Seamless Linux GUI app support on macOS using Mir

I’ve come across this project called Lima (https://github.com/AkihiroSuda/lima), which aims to be a WSL-type solution for macOS, based on QEMU.
Right now it’s terminal only, but I personally would be interested in seeing GUI app support come to that (and possibly even Multipass), which got me thinking: Maybe one can solve that using Mir.

This project doesn’t have a name yet so I’m basically at the stage of making concepts right now.

The idea is to provide a Wayland compositor for guest Linux distributions, like Ubuntu and Fedora,
having the Wayland client protocol handled by Mir, and providing input forwarding + display of the surfaces using a client on the macOS side, connected over a vsock across host/guest boundaries.
It should provide seamless integration into the host OS, basically displaying Wayland windows as separate windows on macOS instead of typical per-screen QEMU windows.

The foundation builds on top of:

  • QEMU for virtualization
  • Virgl for virtual GPU + OpenGL support
  • Mir + this project to fulfill the needs of Wayland clients

So I’m preparing and working out how to solve it. Basic questions around it are:

  • Is there anything needed in Mir? (I guess not, but I could be wrong)
  • Is it enough to scan out surface data on the guest compositor and sending surfaces over the wire?
  • Should this make use of RDP (+ RAIL & VAIL) or is a custom protocol sufficient?
  • What are drawbacks with this approach?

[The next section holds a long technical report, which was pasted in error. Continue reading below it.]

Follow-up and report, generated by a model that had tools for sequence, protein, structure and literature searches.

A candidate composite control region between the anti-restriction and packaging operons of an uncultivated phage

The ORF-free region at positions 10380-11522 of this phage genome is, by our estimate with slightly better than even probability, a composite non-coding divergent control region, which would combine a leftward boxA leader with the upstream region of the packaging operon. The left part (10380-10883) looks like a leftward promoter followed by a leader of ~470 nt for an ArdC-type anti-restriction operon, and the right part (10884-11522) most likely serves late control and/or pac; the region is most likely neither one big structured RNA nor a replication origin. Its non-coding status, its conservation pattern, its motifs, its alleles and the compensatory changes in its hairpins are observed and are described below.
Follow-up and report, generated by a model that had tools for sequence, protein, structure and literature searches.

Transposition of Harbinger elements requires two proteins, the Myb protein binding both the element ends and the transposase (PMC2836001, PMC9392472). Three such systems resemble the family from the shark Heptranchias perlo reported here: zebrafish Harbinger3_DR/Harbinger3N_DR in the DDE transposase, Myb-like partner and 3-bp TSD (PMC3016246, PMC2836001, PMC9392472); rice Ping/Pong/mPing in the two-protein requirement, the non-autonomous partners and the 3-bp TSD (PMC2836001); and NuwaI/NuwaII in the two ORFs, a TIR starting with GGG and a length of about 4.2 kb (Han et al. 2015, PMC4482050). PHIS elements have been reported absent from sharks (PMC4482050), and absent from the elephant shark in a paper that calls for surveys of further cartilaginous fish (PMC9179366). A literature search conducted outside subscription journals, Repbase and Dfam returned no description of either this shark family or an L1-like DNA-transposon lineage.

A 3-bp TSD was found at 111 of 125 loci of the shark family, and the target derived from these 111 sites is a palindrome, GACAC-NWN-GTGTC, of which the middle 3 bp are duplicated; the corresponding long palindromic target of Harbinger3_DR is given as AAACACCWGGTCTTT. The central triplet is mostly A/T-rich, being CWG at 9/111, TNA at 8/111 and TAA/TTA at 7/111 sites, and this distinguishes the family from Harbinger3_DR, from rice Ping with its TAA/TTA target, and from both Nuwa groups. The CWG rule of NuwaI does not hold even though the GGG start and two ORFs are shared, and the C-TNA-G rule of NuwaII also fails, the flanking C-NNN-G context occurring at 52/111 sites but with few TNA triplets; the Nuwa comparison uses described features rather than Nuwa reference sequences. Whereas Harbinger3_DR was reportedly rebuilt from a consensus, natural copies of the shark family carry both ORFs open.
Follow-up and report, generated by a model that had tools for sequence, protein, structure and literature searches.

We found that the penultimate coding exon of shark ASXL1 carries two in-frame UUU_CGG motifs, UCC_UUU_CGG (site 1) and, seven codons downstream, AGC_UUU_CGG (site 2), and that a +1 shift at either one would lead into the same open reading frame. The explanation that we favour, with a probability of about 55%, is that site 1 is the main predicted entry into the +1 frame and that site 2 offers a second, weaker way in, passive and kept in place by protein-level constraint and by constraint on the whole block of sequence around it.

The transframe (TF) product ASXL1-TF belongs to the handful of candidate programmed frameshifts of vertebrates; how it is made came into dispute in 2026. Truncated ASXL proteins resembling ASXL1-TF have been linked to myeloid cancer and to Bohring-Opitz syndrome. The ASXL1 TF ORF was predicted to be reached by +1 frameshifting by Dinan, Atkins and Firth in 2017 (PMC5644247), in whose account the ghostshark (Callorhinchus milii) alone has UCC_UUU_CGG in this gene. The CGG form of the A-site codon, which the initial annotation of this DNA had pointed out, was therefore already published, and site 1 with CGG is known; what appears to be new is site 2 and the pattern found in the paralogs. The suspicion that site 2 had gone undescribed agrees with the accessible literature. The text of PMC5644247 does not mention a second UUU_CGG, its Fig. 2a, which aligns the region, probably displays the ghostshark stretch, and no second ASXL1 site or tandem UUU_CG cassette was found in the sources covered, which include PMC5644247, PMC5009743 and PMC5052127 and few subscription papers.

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Hi @beidl!

This sounds interesting, and agreed most of the bits should be in place already.

I believe WSL2 implements a Wayland compositor on the Windows side, and I would suggest looking into a similar approach with Mir being the compositor on the macOS side. So you’d actually export the Wayland socket over vsock into the VM. This way you don’t need another abstraction layer like RDP.

Actually I’m wrong:

Still, that sounds like a potentially unnecessary layer.

OTOH RDP support in Mir would be much welcome, too - opening to a wider set of usecases!

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Firstly, virgil does meet Mir’s graphics needs, but Mir is intended to do compositing and window management and expects to get a display buffer and composite into that.

I know it isn’t the end goal, but a Mir “platform” that implements a window on the macOS host and lets Mir render into that as an “output” would be a good and usable first step. (Like the existing “x11” platform - which also provides input forwarding.)

To get better integration into the host environment by presenting application windows separately needs a lot of the “Window Management” and compositing logic in Mir needs to be passed through to the host. I think that can be done, but I’d aim for the less ambitious goal first.

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Going the platform route is what I suggested here too: https://github.com/AkihiroSuda/lima/issues/2

Once upon a time (before my volunteer work in other projects in the Ubuntu space) I was eager to write a remote desktop platform for Mir. I guess it’s time to pick that up again.